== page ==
To check the role of [Na+]i in driving slow oscillations, we also froze [Na+]i at its mean level characterized for slow oscillations (7 mM) and made a simulation at the initial conditions by using the coefficients characterized for slow oscillations (as in Fig. 3). No oscillations were found (not shown).
Our model simulations demonstrate the necessity for [Na+]i oscillations to drive the slow Ca2+ oscillations and suggest that [Na+]i is a candidate pacemaker for slow oscillations.
We have previously studied the properties of a clonal β-cell line termed βTC3-neo (74). In contrast to normal mouse islets, this cell line does not usually respond to a step increase in glucose concentration with regular oscillatory increases in [Ca2+]i. Instead, a slow rise in [Ca2+]i occurs with occasional intermittent spikes. However, the exposure of βTC3-neo cells to 20 mM TEA, a blocker of K+ channels (24), permitted the generation by glucose of large, regular, slow oscillations in [Ca2+]i. In the absence of glucose, TEA was without effect (74). However, the molecular differences between βTC3-neo cells and primary β-cells have not been completely studied.
The magnitude of the Ca2+ inward current in β-cells within intact pancreatic islets is considerably more than in individual β-cells maintained in tissue culture [up to twice (33)]. This difference can be expected to have dramatic effects on the generation of β-cell electrical activity and leads to failure of dispersed cells to generate the characteristic oscillatory electrical activity (33, 81). It is reasonable to assume that βTC3-neo cells also have a decreased Ca2+ inward current that can be simulated by a reduced conductance of Ca2+ channels in our model.
Under these conditions, i.e., reduced conductance of Ca2+ channels, simulation of glucose addition does not lead to oscillations. However, a partial block of delayed-rectifier K+ channels, small-conductance Ca2+-activated K+ channels, and KATP channels, which simulate TEA action, leads to large, regular oscillations in our model (Fig. 8). This occurs because the decreased inward Ca2+ current leads to PM repolarization. To restore the possibility of oscillations, a corresponding decrease of K+ outward currents, as by TEA action, is required to allow PM depolarization.
The exposure of βTC3-neo cells to 1 μM nitrendipine, which blocks L-type Ca2+ channels, can reversibly suppress oscillatory activity (Fig. 1C in Ref. 74). In our model, a similar decrease in Ca2+ channel activity also leads to a suppression of oscillatory activity (not shown).
In the absence of glucose, exposure of βTC3-neo cells to 100 μM tolbutamide to block IKATP induced [Ca2+]i oscillations only in the presence of TEA (Fig. 2A in Ref. 74). The same results were obtained with our model (Fig. 9) when an additional block of KATP channels was used to simulate tolbutamide effects. In this case, the simulation of tolbutamide addition on IKATP was equivalent to the simulation of glucose additions in Fig. 8.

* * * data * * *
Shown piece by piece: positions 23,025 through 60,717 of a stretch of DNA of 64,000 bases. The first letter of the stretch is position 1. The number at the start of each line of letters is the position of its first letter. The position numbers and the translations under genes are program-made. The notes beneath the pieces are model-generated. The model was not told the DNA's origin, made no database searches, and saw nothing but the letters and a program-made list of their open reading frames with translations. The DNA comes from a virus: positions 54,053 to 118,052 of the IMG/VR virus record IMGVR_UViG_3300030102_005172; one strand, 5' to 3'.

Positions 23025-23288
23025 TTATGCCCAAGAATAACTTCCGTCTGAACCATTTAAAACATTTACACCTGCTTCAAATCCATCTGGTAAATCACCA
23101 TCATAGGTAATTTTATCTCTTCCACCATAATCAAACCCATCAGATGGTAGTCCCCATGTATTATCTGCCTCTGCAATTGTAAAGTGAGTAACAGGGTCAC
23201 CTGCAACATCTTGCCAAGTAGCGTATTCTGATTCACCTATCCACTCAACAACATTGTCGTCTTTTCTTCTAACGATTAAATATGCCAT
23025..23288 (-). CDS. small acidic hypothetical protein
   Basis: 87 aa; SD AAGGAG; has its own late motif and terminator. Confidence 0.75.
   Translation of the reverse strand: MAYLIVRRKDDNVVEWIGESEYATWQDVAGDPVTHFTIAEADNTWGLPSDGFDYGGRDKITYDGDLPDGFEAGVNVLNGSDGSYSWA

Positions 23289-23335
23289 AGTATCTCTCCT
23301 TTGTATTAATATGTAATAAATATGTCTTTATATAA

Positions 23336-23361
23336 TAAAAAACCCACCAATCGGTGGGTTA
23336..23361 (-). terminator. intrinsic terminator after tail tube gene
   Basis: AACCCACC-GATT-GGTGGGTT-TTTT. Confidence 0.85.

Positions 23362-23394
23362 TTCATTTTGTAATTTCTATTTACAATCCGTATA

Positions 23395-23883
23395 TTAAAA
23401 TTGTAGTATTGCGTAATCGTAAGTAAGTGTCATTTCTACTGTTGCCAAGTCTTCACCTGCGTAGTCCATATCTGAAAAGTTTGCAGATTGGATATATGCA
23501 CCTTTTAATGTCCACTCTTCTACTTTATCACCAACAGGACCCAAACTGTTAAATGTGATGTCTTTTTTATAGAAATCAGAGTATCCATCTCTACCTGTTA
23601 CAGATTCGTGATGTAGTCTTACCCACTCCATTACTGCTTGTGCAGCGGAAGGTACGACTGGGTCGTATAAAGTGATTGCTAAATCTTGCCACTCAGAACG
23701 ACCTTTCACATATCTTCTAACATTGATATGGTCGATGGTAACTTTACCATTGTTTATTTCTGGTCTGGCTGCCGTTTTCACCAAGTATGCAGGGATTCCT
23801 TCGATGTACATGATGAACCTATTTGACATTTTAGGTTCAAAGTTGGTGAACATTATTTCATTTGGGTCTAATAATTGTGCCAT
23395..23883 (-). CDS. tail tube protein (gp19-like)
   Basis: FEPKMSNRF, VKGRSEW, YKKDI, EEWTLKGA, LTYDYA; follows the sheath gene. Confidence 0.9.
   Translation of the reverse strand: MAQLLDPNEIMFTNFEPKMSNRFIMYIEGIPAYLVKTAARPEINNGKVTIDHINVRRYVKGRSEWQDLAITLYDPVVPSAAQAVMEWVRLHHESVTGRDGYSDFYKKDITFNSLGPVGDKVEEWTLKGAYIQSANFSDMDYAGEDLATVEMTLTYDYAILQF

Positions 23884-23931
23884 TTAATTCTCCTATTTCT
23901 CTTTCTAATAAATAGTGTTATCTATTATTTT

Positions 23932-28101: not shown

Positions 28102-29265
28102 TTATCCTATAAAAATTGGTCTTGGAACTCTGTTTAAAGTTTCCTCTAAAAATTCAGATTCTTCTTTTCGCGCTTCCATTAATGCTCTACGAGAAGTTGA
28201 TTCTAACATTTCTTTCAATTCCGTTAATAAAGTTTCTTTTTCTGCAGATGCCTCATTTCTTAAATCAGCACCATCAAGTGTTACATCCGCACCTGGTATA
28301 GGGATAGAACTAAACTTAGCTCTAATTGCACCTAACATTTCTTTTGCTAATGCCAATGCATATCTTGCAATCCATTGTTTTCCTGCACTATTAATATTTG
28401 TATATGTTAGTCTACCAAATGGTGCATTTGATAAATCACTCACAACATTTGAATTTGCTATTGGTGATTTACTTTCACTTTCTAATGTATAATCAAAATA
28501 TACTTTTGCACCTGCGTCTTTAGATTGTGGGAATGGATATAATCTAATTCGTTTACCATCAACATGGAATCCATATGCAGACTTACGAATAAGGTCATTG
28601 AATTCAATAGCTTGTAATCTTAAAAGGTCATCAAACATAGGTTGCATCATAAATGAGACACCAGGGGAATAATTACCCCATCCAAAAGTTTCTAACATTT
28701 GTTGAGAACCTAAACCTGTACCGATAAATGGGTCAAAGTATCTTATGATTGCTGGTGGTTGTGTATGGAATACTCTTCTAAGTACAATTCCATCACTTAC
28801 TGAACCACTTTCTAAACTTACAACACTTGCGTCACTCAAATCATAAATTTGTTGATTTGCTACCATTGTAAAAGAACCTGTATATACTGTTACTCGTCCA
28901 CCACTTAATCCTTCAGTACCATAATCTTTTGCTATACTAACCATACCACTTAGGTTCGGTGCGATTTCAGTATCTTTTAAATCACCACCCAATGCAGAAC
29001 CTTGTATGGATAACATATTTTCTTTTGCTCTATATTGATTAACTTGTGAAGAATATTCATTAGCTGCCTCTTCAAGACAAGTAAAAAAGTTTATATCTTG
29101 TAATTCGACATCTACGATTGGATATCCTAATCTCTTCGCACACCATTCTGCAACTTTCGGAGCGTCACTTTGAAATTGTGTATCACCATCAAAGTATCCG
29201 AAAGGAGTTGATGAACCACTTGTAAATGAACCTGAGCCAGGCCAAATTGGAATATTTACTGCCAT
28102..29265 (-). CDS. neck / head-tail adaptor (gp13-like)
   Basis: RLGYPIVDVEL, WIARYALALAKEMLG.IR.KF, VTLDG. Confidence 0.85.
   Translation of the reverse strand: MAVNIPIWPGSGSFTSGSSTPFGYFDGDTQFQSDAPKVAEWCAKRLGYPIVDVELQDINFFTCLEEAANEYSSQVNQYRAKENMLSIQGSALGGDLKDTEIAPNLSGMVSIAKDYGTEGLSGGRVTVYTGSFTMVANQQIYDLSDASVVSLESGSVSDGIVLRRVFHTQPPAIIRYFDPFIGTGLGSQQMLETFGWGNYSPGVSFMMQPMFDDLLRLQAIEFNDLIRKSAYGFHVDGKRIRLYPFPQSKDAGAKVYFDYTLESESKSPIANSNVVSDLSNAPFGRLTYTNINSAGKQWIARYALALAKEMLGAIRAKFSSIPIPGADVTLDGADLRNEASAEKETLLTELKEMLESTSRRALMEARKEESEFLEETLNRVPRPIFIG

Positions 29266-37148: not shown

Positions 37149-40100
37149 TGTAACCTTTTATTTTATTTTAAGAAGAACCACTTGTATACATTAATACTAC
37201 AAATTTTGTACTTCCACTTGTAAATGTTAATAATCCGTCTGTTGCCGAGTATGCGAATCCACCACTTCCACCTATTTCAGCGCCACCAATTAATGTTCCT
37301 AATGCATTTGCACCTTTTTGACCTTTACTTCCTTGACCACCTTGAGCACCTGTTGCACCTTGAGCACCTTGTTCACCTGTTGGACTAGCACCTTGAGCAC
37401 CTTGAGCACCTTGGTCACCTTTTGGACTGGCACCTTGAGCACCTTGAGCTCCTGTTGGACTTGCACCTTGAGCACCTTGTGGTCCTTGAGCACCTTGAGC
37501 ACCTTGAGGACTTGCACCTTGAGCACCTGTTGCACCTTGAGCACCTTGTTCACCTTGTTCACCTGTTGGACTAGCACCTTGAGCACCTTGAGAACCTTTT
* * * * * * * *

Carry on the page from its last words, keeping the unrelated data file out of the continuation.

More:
Similar experimental results were obtained by Eberhardson and Grapengiesser (21) for single β-cells isolated from mouse islets, in which the [Ca2+]i oscillations could be obtained at low glucose concentration only when both TEA and tolbutamide were added.
We have attempted to integrate plasma membrane and intracellular events in modeling the behavior of pancreatic β-cells by building on several previous models. The model includes consideration of ionic flux, metabolism, and regulation by intracellular messengers. The complexity of the system necessarily left us with some flexibility in assigning values of the parameters. Therefore, it would be unreasonable to expect the model to accurately reproduce all previously observed experimental results. However, it is necessary to verify that the model is able to reproduce the general features of β-cell or islet oscillation patterns.
Islet Oscillatory Behavior
The majority of previous models emphasized the features of fast-type oscillations, and detailed theoretical considerations of this kind of oscillations have been made (14, 26, 62, 65, 78). We were also able to simulate these fast oscillations (Figs. 4 and 5B). Slow oscillations most likely constitute a physiological oscillatory pattern in β-cells, and they may constitute the framework for pulsatile insulin release observed in vivo (28, 37). For this reason, an explanation for this type of oscillation in islets and β-cell lines is the main aim of this article.
It is critical to determine the degree of correlation between observed and simulated β-cell behavior. Several recent studies in the literature have shown additional experimental results consistent with the model that we present here, even though the authors' own interpretation is not identical to our model results. For example, KATP channel data (51) and data on glucose concentrations and oxygen consumption (2, 17) suggest that the ATP/ADP ratio may indeed oscillate on a time scale appropriate for the generation of slow oscillations. It was found that the ATP/ADP ratio drops rapidly when [Ca2+]i is raised and increases when [Ca2+]i falls (2, 19). These results are consistent with our calculations of [ATP]i behavior (Fig. 3). However, it should be pointed out that the [Ca2+]i-dependent changes in the ATP/ADP ratio are not driving oscillations in our model.